How to get close to your subject

How to get close to your subject

Getting close to skittish birds is often the most challenging part of avian photography. Raptors are among the most skittish birds, sometimes impossible to approach without some kind of blind. One way to get close to skittish raptors is shooting from your 4X4, however this is not possible at all locations. For reasons not clear to me, every once in a moon you will find raptors that are very friendly and perfectly approachable on foot. A colony of migrating birds in close proximity to an area abundant with human activity, such as hiking trails, parks, golf courses etc. is often approachable as the birds become used to people, especially during nesting season. Juvenile birds are easier to approach than adult birds. Nevertheless, such opportunities are few and far in between so it’s important to make the most out of these fortunate encounters.

I had one such opportunity in British Columbia last month, where I located a receptive colony of short-eared owls, a subject high on my list. When photographing these gorgeous owls, I noticed a number of photographers around me trying to photograph the owls with all kinds of equipment from small cameras with short lenses to 800mm lenses on large  (and probably heavy) tripods. I noticed that unfortunately most were using incorrect approach techniques which leads to disappointing results. In this short article I am going to explain how paying attention to small details can make a world of difference in the final results.

When you first see a life bird, or a highly desirable bird on top of your list, the first step is to keep calm and try to suppress the excitement. The rush of adrenaline at first sight might send you running towards the bird at a bad angle ruining the opportunity for good. Stay clam and do not make sudden or nervous movements, most birds are sensitive to sudden movements as opposed to steady moves. Before you start approaching the bird pay attention to two important factors 1) position of the sun (for clear or partially cloudy skies) 2)background behind the bird from different angles.

Ideally you want the sun to be behind you and shining on your neck when making photos. Many photographers, even those with advanced equipment, overlook this fact. This is especially important for raptors and owls as they have deep eye sockets. Even a tiny shadow on the pupil can ruin the whole shot. There is no point in shooting against the sun or with strong side light unless you want to make a silhouette. If you just approach the bird without paying attention to the light, you may find yourself in a situation where the bird is right in front of you but against the sun. Trying to go around it at close distance many flush the bird and with it will go your opportunity.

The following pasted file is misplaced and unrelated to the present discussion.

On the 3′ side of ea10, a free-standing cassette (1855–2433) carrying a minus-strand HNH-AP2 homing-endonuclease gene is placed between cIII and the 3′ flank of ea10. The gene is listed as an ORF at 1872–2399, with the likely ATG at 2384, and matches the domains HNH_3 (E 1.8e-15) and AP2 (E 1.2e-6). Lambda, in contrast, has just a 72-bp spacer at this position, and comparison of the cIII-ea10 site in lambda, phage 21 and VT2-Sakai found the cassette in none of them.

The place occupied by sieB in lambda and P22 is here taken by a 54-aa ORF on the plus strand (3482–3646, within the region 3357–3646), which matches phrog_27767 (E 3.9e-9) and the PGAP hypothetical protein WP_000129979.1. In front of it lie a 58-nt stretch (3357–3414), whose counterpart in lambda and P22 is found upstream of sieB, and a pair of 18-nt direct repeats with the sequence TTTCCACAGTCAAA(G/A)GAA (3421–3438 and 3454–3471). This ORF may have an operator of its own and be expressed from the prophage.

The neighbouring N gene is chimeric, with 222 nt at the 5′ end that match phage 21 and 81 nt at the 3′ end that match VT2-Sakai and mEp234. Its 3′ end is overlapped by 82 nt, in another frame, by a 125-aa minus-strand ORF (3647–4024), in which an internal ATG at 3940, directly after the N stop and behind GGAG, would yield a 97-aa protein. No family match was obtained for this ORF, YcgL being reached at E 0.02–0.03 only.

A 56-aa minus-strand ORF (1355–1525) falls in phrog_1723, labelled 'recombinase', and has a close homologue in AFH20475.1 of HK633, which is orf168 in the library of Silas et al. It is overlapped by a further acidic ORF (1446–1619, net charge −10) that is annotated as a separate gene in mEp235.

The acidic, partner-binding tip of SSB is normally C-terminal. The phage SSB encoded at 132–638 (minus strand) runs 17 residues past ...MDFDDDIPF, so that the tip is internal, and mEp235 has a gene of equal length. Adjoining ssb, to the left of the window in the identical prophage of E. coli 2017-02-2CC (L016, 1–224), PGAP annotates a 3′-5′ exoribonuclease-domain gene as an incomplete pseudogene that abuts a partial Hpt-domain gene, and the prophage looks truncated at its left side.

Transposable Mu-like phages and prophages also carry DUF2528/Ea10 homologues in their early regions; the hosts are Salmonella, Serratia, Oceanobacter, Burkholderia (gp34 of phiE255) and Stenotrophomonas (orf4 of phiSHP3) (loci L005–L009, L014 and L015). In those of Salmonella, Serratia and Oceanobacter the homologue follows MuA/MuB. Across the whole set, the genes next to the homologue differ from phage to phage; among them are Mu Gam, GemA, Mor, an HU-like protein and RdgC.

Once you have determined the position of the sun, if the sun is not already behind you, first walk away from the bird but towards the sun. This will put distance between you and the bird but will align ou with the sun. When you face the bird the sun must be behind you. At this time you can start your approach towards the bird. Approach slowly in a zig-zag path. This will reduce the chances of the bird taking off. This is shown in Fig. 1 below

To make sure you are on the imaginary line that connects the sun to the subject. Look at your shadow, it must be pointing right at the subject.



Example of a correct approach path for a skittish subject


Pay attention to the background and choose an angle that provides a smooth non-distracting background. You don’t want distracting or man-made objects such as houses, cars or a concrete wall behind the bird. Sometimes you cannot find a good background with the sun directly behind you. In such situation try to find a good background within 45 degrees of the imaginary line connecting the sun and the bird as shown in Fig. 2. Note that one eye will be shaded when the bird is looking directly at the camera. If the light is strong, a side profile shot might work better than a direct look with one eye shaded. Typically, if the the angle between camera’s line of sight and the imaginary line connecting the subject to the sun is greater than 45 degrees, the image will have a strong side-light look, which in most cases, ins’t very attractive.


Fig 2. Pay attention to the background. Adjust your position within 45 degrees of the imaginary line connecting the sun to the subject to fill the frame with an attractive BG behind the subject.




The image below was made with all the points mentioned above taken into consideration. At the time of capture, my shadow was perfectly pointing to the owl.  I was able to get a perfectly symmetric look with both eyes open and staring at the camera.